Now the c sub point: why does Zuckerberg’s model of the public sphere include two-sided debate. Brendan Nyhan (professor of Government at Dartmouth) has demonstrated that opinion correction likely increases opinion polarization. Wait. Yes. You read that right, telling people that they are wrong can backfire. Now these backfires could be productive as Mullinix (2016) suggests, as they might strengthen partisanship which can be a part of a healthy democratic system. Is this way Zuckerberg meant? Is his plan to increase polarization? Likely not, although his statement doesn’t seem to think through a model of the public sphere in any meaningful way.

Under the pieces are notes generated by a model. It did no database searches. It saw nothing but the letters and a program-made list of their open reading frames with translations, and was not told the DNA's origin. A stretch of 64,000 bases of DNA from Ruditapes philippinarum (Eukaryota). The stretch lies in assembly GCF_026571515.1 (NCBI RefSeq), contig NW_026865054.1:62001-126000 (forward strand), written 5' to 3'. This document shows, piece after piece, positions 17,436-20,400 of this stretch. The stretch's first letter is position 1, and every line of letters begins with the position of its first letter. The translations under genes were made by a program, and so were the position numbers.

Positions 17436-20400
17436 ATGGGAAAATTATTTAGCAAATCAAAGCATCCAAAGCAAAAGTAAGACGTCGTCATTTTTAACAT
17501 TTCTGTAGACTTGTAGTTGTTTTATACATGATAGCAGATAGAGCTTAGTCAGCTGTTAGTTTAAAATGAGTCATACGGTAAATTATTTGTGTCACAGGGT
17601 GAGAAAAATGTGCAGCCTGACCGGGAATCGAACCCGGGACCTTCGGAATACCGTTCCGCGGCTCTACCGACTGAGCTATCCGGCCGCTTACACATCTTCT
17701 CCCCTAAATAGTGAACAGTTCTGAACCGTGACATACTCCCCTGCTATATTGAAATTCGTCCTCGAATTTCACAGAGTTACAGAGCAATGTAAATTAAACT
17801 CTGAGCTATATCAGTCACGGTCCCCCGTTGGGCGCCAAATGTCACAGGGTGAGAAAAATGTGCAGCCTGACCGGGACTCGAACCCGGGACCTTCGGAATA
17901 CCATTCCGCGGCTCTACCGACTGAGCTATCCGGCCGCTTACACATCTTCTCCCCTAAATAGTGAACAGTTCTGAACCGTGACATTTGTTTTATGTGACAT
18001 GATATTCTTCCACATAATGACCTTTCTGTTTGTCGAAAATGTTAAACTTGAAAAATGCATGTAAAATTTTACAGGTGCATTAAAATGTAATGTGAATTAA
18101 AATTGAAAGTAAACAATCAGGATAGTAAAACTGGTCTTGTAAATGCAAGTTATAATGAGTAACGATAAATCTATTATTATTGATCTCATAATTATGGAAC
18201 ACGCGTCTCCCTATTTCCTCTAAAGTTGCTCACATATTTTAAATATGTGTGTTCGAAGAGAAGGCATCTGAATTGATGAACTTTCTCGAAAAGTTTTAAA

Third, the statement confirms that Facebook as an editorial view. A number of sources have reported that Facebook hates to be thought of as an editor, thus the editorial purge and the turn toward mechanical processes for news selection that only amplify the problems with their other products, like suggested links. Yet, Zuckerberg confirms that Facebook has an editorial position, a dual or possibly multiple editorial perspective. Although a news organization may have a single mandate, the degree to which ownership structures effect the production of media texts is disputed. Even the most partisan news organizations have breaks in their editorial facade. So, Zuckerberg is right that his editorial perspective might be more diverse, but it is surly an editorial perspective. For some reason he sees the problem as a lack of diversity. The complaint about fake news is distinct from the earlier accusation of Facebook’s liberal bias. Fake news is a much more damning accusation as it speaks to the quality of the product.